Jackson Waerea pictured with his whānau

Local Hauora Heroes

Jackson Waerea

Project PATU

Jackson Waerea, Director and founder of Patu Heretaunga, is a proud father of three beautiful tamariki, with whakapapa ties to Ngāti Kahungunu, Ngāti Toa and Ngāi Tahu.

Waerea was one of the founding creators of PATU Aotearoa, an exercise programme aimed at improving the fitness and health of Māori and Pasifika people. Since its creation the kaupapa has evolved, with Waerea now directing PATU Heretaunga which focuses on broader hauora initiatives and programmes. With the difficulties of COVID lockdowns and the devastation of Cyclone Gabrielle, PATU Heretaunga has grown to meet the needs of locals, with their programme Project PATU focusing on supporting young people.

Through his mahi Jackson spends his days passing on his passion for exercise to rangatahi, connecting them with the taiao and whakapapa in order to support their development, giving them skills that will support their whānau for generations to come. We sat down with Jackson for a kōrero about Project PATU, his driving forces and his aspirations for our people.

1. Project PATU is such an awesome whānau-centric kaupapa, how has your own upbringing led to your involvement and mahi in the hauora space?

Our whãnau are from Bridge Pa but we were raised in Flaxmere. Growing up in Flaxmere, a lot of our friends used sports and exercise as an outlet, over the years it grew into a passion and motivation for improving the wellbeing of our whãnau.


2. What is Project PATU about? What inspired you to get involved with this kaupapa?

Project PATU, is a 6-week rangatahi programme that focuses on 3 pillars: Education, Hauora and Employment. Our programme leans on our hauora pillar as the vehicle to support disengaged youth with education or employment goals. Exercise and activities with a connection to the taiao shape a lot of our daily routines. We use Kahungunu landmarks like our maunga, moana and awa to deliver our mahi. We also gather and process meat, go hunting, diving, fishing & eeling, tend to our maara kai, go foraging, prepare hāngī, and do cooking.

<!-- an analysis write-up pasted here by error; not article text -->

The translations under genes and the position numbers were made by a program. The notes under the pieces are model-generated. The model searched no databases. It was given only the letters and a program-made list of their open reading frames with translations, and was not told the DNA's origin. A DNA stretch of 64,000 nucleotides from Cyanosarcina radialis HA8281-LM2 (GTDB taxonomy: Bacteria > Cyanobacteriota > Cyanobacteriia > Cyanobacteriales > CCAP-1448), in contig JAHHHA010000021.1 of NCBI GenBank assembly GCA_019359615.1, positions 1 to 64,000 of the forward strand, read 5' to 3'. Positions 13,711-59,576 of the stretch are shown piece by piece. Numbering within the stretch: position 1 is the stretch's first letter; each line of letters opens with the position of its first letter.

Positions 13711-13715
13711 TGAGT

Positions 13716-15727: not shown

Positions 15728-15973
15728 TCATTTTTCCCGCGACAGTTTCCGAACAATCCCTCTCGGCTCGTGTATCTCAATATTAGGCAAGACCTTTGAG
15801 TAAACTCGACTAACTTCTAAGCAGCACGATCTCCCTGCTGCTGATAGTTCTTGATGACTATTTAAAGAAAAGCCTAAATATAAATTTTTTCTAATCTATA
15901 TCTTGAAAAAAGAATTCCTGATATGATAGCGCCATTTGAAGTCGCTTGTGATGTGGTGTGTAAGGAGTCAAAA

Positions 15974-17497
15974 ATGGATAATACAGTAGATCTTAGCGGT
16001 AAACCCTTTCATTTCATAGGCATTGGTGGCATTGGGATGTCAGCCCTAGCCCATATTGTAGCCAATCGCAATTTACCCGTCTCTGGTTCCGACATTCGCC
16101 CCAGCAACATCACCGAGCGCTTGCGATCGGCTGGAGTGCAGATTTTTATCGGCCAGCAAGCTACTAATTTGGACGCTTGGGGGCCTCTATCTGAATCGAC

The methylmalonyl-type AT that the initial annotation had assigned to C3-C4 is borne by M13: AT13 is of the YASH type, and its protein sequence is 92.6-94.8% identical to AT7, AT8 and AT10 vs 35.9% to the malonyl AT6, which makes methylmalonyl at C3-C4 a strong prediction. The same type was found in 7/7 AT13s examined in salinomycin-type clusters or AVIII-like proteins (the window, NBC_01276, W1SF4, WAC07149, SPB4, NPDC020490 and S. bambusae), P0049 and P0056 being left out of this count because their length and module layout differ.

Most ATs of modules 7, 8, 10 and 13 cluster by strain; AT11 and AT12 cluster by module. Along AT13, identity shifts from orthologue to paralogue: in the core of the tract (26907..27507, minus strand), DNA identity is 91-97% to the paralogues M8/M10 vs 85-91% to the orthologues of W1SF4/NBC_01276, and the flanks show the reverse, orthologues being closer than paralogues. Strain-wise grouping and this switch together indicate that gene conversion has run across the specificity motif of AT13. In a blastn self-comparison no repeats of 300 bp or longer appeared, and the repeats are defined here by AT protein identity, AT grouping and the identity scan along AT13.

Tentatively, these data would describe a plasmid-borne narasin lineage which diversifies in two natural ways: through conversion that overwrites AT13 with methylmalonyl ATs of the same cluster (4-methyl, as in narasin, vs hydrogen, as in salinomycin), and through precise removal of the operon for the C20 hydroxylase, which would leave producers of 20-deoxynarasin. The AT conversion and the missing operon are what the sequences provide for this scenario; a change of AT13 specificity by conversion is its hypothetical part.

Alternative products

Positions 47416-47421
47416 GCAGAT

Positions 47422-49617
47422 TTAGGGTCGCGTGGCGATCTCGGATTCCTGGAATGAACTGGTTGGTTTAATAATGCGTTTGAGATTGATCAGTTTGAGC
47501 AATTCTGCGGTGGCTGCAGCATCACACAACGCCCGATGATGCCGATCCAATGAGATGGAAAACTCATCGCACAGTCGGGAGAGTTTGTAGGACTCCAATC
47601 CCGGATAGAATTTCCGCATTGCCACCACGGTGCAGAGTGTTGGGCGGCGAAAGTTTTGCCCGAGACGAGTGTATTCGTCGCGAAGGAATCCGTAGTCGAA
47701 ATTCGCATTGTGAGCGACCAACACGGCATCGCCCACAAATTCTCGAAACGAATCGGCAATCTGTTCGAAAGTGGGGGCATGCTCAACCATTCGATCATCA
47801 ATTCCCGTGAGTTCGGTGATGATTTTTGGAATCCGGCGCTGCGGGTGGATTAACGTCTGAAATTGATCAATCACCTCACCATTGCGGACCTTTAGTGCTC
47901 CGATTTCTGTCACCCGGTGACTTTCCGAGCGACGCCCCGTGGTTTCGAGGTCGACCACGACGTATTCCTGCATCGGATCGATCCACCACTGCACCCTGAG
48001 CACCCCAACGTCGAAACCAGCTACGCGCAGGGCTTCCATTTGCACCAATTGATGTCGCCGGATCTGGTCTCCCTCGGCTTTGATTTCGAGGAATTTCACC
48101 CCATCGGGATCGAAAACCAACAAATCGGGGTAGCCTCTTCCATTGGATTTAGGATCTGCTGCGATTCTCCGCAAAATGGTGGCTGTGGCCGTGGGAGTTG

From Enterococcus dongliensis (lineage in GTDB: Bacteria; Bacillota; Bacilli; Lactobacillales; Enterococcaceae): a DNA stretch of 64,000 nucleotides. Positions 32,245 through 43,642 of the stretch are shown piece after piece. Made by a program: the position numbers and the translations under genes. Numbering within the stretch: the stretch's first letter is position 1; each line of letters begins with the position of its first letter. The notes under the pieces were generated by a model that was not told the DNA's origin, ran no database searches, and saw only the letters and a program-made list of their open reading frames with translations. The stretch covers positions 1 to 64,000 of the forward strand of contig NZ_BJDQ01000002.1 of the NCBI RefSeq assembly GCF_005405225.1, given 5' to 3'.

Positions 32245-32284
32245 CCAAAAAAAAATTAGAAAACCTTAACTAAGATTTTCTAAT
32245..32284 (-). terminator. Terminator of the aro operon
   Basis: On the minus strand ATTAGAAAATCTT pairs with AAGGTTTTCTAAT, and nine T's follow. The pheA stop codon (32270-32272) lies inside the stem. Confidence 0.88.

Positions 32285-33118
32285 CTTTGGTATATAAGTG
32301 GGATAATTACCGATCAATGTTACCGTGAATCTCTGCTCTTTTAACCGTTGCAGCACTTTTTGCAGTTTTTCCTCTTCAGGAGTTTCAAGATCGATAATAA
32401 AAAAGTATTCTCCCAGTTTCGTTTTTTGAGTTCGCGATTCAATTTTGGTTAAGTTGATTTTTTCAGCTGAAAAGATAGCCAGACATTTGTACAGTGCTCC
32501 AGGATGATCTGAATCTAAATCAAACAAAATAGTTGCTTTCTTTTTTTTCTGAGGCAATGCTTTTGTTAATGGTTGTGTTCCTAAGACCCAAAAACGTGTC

The hauora space has always appealed to me because as children we were lucky to be connected to our marae and all of the things happening around it. We were taught the core values of pride, honour and respect at the marae and how to manaaki our visitors through kai and aroha. These simple values I apply to my daily mahi and hauora spaces I’m involved with.


3. What is your favourite thing about your mahi? What keeps you going?

I’m very grateful I get to do this mahi for a living. There is no greater wealth than helping our people — I couldn’t be any richer.


4. If you could change one thing for the wellbeing of whānau Māori in our rohe, what would it be?

I would give our whānau the self-belief that anything is possible regardless of our situation, especially our rangatahi. There is so much potential in the minds and hearts of our Kahungunu rangatahi. We just need to give them the tools and support to achieve it.


5. What does tino rangatiratanga mean to you in relation to health and wellbeing?

Tino rangatiratanga means being in control of our own hauora. Celebrating the smalls wins not just in physical health but in everyday things.


6. What is your favourite quote relating to health and wellness?

“Mahi don’t stop!”


To keep up to date with Jackson and the awesome mahi his team are doing at PATU Heretaunga, follow them on Facebook: PATU Heretaunga

Jackson Waerea pictured with his whānau